Irby, Leonard Howard Loyd (DNB12)

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IRBY, LEONARD HOWARD LOYD (1836–1905), lieutenant-colonel and ornithologist, born at Boyland Hall, Morningthorpe, Norfolk, on 13 April 1836, was son of Rear-admiral Frederick Paul Irby [q. v.] of Boyland Hall by his second wife, Frances {d. 1852), second daughter of Ichabod Wright of Mapperley Hall, Nottinghamshire. The father was second son of Frederick Irby, second baron Boston. Charles Leonard Irby [q. v.], captain R.N., was his uncle. After education at Rugby and at the Royal Military College, Sandhurst, he entered the army in , and served with the 90th light infantry in the Crimea from 5 Dec. 1854 to 20 March 1855. He was present at the siege of Sevastopol, and received the medal with clasp and Turkish medal. In 1857 he was wrecked in the ship Transit with Captain (afterwards Lord) Wolseley and his regiment in the straits of Banca, Sumatra, on his way to China. The arrival of the news of the Indian Mutiny caused the destination of the regiment to be changed, and it at once proceeded to Calcutta. He served throughout the Mutiny from 12 August 1857 until the close of the campaign. He was engaged in the defence of Brigadier-general Sir Henry Havelock's baggage at the Alambagh; advanced to the relief of Lucknow with Lord Clyde, and after the relief and withdrawal of the garrison of Lucknow he remained with Sir James Outram to defend the Alambagh till the final advance of Lord Clyde to the siege and capture of Lucknow. He was present throughout those operations, and was awarded the medal with two clasps and a year's extra service. In October 1864 he exchanged into the 74th highlanders, and was with that regiment at Gibraltar till 1872. He retired as a lieut.-colonel on 1 April 1874. While stationed at Gibraltar Irby devoted himself to ornithological study, and continuing the labours begun by Thomas Littleton Powys, fourth Lord Lilford [q. v. Suppl. I], proved a pioneer in investigations into Spanish ornithology. He embodied his research and observations in his 'Ornithology of the Straits of Gibraltar' (1875; enlarged 2nd edit. 1894), including southwest Andalucia and northern Morocco. The book enjoys a standard repute. Irby pursued his studies with ardour at home on his retirement. He prepared a useful 'Key List of British Birds' (1888), and contributed several papers to the 'Ibis.' As an ornithologist he denounced the wanton destruction of bird life and the needless multiplication of species by scientists. Latterly he took up lepidopterology, and with the help of his sons formed a very good collection of European butterflies and British moths. The former belongs to his son, Major Frederick Irby of Boyland Hall, Norfolk, and the latter is in the Norwich Museum. Irby was a member of the council of the Zoological Society of London from 1892 to 1900. He assisted in the formation of the life groups in the Natural History Museum, South Kensington, where some of the most remarkable cases of British birds bear his name.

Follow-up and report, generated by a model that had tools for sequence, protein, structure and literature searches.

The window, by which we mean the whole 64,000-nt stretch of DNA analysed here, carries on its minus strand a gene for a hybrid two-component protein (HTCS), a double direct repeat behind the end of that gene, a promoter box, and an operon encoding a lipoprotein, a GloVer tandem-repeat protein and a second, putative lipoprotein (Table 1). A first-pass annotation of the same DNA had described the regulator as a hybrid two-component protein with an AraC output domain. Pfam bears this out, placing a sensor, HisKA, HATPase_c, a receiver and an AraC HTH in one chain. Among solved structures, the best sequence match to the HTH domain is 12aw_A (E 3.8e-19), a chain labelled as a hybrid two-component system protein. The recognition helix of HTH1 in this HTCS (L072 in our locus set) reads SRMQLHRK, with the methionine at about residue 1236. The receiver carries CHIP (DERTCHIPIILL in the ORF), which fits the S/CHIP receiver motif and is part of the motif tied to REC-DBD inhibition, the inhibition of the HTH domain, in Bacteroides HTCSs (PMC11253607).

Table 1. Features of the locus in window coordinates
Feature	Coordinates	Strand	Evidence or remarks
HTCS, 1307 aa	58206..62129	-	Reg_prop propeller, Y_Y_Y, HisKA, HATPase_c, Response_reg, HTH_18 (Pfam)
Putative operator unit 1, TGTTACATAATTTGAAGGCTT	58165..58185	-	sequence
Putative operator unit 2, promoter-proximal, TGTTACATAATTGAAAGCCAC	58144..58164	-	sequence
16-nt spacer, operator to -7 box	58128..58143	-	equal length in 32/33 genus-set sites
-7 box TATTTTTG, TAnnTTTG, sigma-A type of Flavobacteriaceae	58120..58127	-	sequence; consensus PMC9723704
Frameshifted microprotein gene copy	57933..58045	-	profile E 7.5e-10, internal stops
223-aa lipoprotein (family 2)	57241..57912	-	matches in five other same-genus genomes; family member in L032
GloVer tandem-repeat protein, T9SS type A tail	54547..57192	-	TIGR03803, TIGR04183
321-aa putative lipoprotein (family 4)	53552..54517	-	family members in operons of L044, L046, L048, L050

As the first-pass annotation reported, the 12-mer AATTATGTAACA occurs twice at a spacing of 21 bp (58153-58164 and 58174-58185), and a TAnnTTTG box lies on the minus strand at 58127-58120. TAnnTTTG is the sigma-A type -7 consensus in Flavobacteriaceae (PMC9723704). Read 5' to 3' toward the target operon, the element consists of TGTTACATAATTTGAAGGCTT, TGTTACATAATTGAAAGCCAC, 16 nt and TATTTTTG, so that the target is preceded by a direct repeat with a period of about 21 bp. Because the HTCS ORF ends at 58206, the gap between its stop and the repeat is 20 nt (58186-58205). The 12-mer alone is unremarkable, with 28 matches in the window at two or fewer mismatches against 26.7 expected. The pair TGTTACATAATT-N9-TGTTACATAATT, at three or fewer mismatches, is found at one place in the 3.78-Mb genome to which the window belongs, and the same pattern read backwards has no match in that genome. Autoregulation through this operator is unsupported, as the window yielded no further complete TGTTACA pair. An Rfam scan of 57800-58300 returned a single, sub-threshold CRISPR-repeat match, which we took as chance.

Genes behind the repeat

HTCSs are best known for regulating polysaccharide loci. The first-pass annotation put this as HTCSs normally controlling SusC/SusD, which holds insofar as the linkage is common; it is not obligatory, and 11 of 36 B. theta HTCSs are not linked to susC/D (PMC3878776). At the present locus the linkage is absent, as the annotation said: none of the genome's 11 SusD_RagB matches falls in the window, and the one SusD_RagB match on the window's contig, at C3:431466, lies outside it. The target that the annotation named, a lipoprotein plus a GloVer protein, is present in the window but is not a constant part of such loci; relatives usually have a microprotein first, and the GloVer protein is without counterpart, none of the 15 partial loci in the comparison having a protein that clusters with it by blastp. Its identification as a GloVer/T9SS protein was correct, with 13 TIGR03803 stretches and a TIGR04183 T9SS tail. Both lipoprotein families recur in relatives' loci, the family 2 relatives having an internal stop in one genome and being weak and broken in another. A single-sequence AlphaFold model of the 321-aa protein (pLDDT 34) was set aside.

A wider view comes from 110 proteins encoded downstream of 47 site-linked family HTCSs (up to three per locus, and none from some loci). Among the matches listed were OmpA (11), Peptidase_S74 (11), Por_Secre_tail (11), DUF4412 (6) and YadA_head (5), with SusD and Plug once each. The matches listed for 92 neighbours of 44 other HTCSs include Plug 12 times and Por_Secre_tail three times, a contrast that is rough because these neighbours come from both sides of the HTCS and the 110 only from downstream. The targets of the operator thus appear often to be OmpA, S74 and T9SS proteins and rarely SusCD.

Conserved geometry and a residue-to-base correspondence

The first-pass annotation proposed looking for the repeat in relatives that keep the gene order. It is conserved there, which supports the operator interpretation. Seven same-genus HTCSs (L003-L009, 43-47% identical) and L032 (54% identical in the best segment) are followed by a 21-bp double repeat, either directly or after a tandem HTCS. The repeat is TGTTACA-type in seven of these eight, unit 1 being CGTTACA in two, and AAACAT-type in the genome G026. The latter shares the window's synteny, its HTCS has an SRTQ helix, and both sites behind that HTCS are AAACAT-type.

He died on 14 May 1905 at 14 Cornwall Terrace, Regent's Park, and was buried at Kensal Green. He married (1) on 31 Aug. 1864 Geraldine Alicia Mary (d. 1882), daughter of J. B. Magenis, rector of Great Horkesley, by whom he had two sons; (2) on 22 Jan. 1884 Mary, daughter of Col. John James Brandling, C.B., of Low Gosforth, co. Northumberland, by whom he had a daughter.

[The Times, 16 May 1905; Ibis, July 1905, obit, notice by Willoughby C. Verner; Nature, 18 May 1905; Burke's Peerage, s.v. Boston; Hart's Army List; Lord Wolseley's Story of a Soldier's Life, 2 vols. 1903; private information from his son. Major J. Irby.]

H. M. V.